So expecting a change of policy is a vain enterprise. Legally, it can't happen. We will just have to wait for the material to go into the public domain, which it will -- someday.

Meanwhile, if anyone were keen to do it, further Middle-Earth films could be made from the stories in the appendices to LOTR. I doubt there's a market, though.

(I posted this on TORn as well, not sure if it will go down too well...)

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Re: The Silmarillion Made Flesh...

Post by Eldorion on Wed Apr 02, 2014 11:53 pm

Blue knows way more about law than I do, but from what little I am aware of and a few minutes of poking around online that sounds fairly accurate to me.  The big question is whether or not Tolkien did in fact put restrictions on the sale of film rights into the rules for the trust.  I don't suppose we'll ever know.  The point about CT possibly putting such instructions in place for the posthumously published works he edited is a very interesting one.

As for public domain, well, copyright laws allow increasingly large extensions, so there's a very real chance it won't be available within any of our lifetimes.  Look at The Silmarillion in the context of US copyright law, since the US is where most of the big movie studios are based.  My understanding is that since The Silmarillion was published before Jan. 1, 1978, it is entitled to the life of the author plus 95 years of copyright protection.  Assuming the Estate claims Christopher as a co-author, that means that even if we were to drop dead tomorrow, The Silmarillion would not enter public domain until 2109.  And that's assuming the length of copyright is not extended further in the future.

Edit: this blog confirms that Christopher is considered an author of The Silmarillion, but they say the copyright will expire "only" 70 years after his death. I acknowledge that I'm not sure I entirely understand the 70 vs. 95 year issue.
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Re: The Silmarillion Made Flesh...

Post by David H on Wed Apr 02, 2014 11:59 pm

Eldorion wrote: Look at The Silmarillion in the context of US copyright law, since the US is where most of the big movie studios are based.  My understanding is that since The Silmarillion was published before Jan. 1, 1978, it is entitled to the life of the author plus 95 years of copyright protection.  Assuming the Estate claims Christopher as a co-author, that means that even if we were to drop dead tomorrow, The Silmarillion would not enter public domain until 2109.  

The Bollywood version could be out much sooner though! Twisted Evil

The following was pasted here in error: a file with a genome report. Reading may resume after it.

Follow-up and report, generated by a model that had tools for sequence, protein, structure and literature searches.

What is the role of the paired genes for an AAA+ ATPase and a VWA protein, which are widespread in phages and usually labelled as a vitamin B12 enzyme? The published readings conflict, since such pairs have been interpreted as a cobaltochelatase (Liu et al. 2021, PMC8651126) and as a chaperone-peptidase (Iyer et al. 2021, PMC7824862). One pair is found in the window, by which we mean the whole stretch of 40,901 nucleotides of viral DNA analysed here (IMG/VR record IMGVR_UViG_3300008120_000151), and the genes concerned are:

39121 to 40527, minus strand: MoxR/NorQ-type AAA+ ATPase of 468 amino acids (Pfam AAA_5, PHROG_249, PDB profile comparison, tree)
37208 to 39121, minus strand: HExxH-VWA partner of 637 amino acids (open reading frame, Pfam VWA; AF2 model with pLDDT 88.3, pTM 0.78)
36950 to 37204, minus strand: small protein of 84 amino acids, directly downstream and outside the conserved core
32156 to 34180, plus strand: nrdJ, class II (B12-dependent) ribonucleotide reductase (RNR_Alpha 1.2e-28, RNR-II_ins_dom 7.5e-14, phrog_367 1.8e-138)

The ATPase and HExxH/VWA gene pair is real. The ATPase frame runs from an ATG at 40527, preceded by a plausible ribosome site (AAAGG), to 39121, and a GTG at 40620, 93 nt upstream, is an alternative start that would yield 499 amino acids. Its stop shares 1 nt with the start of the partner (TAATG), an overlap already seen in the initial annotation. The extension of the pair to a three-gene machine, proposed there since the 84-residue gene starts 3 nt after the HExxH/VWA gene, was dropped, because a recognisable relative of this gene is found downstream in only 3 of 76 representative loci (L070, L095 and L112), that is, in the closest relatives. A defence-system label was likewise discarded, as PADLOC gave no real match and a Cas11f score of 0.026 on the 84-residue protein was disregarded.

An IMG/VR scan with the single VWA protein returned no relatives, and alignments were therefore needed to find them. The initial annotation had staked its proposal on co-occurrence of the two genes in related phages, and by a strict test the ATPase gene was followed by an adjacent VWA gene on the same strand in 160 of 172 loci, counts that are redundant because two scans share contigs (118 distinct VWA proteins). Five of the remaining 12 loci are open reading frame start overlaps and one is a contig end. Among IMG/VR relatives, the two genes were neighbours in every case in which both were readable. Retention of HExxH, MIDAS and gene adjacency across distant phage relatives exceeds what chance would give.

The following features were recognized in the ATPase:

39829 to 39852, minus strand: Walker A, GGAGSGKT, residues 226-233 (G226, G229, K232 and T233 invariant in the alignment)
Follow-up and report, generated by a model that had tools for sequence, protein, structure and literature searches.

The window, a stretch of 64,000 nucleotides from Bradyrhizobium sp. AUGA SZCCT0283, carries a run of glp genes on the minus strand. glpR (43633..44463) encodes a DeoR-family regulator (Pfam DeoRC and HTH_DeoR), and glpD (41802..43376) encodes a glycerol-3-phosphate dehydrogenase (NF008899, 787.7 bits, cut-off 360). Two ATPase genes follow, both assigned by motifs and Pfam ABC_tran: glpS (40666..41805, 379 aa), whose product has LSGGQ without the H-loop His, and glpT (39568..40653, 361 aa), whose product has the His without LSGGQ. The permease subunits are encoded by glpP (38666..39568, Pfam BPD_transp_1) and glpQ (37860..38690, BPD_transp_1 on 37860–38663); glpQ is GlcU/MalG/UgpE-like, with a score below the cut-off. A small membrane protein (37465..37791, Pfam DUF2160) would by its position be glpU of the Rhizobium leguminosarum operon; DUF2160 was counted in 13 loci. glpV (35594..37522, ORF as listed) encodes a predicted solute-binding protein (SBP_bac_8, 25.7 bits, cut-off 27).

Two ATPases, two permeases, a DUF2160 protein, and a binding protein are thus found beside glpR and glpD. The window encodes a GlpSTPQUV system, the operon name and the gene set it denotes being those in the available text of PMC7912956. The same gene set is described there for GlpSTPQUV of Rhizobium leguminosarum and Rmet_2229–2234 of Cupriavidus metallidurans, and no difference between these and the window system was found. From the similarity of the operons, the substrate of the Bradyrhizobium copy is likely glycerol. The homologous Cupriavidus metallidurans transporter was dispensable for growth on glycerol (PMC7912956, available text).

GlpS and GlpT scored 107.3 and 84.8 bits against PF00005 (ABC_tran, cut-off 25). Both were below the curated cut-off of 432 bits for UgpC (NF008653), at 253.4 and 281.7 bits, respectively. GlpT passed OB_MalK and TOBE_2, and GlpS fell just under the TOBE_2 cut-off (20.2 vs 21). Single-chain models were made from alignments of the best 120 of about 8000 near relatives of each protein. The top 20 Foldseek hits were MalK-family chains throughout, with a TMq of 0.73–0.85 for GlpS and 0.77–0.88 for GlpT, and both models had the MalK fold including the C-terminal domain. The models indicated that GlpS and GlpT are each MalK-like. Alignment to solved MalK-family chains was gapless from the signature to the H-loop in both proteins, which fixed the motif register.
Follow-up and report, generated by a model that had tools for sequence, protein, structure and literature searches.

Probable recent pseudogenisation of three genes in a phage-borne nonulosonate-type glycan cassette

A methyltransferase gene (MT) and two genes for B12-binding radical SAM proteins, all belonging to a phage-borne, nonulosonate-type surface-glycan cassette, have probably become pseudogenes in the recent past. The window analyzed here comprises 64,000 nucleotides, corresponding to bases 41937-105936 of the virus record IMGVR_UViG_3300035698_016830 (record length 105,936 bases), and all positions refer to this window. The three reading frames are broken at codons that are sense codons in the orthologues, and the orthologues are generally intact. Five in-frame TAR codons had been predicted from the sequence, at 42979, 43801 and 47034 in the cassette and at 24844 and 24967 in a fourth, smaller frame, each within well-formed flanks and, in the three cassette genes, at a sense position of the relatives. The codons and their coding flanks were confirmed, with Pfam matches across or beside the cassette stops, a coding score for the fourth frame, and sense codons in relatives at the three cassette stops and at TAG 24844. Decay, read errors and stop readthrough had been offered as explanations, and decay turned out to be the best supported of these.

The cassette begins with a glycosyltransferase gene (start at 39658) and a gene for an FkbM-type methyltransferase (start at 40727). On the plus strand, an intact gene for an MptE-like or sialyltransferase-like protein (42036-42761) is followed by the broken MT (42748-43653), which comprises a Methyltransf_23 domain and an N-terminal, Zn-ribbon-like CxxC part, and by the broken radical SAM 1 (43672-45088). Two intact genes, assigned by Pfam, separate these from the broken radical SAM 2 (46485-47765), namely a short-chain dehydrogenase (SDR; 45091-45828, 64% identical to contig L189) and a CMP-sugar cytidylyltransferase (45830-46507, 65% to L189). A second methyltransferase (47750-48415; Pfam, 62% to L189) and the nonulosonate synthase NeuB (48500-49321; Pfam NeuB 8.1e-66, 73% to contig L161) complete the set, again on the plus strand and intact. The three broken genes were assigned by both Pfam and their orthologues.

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Re: The Silmarillion Made Flesh...

Post by feanor 1999 on Thu Apr 03, 2014 11:40 am

Hmmm...

So sometimes, the Law is seemingly NOT an ass. This gives me hope that a Jackson-style Silmarillion will not appear in my Lifetime to really upset me the way TH and in places LOTR have done. It's a shame though to be GLAD that the Undying Realm shouldn't appear on Celluloid. As I do want to see Mandos, Elbereth, Ulmo, Tulkas, Manwe, Varda, Morgoth, Sauron in Human form et Al do their thing across the screen, just in a more accurate, sympathetic way than we have been treated too by Mr Jackson and co.

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Re: The Silmarillion Made Flesh...

Post by Bluebottle on Tue Apr 08, 2014 6:34 pm

Interesting article, Malick. For all of me not knowing all that much about English estate law, it all sounds plausible to me. I'm not sure I follow their logic all the way though.

They first say

"The trust deed that set up the TE is not a public document, so his exact instructions cannot be verified."

but then still conclude

"However, it is a virtual certainty that he included prohibition on further sale of film rights, copyrights or authorization of commercial products."

While that well might be, it still feels very much like a stretch to me. He had already sold of the movie rights to his economicly viable works and the Silmarillion for all intents and purposes didn't exist. There might semingly have been no reason to include such a provision for Tolkien. So it's a specualtion, perhaps with some founding, but certainly no certainity. At least that's how it looks to me.


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Re: The Silmarillion Made Flesh...

Post by Bluebottle on Tue Apr 08, 2014 6:46 pm

Eldorion wrote:Edit: this blog confirms that Christopher is considered an author of The Silmarillion, but they say the copyright will expire "only" 70 years after his death.  I acknowledge that I'm not sure I entirely understand the 70 vs. 95 year issue.

That was an interesting read too. I do find it interesting that they consider him to have authorial copyright. Which means his contribution to the work must have fullfilled what would be needed to be a co-author. As such his contribution must have been of some significance.

This makes the Silmarillion a combined work between him and his father and rule then is that the copyright extends the alloted time after the longest surviving authors death. The alternative, if Tolkien was the only author, would have been to see it as a posthumously released work, which would follow the alloted number of years after the authors death. As such 70 years after JRR Tolkiens death. (At least after Norwegian rules.)

To explain the 95/70 year issue. There is a general rule in copyright law that says you shall treat all works, national and foreign, the same. An exception from this rule is the number of years a work is protected after the authors death. Here you only have to admit the number of years the originating country protects, if less than your own rules do. The minimum protection after the Bern convention is 50 years. If two countries bith have a stricter protection, the country that protects the work the least amount of years rules will be used. So with US 95 UK 70, the 70 year protection will be the one admitted also in the US.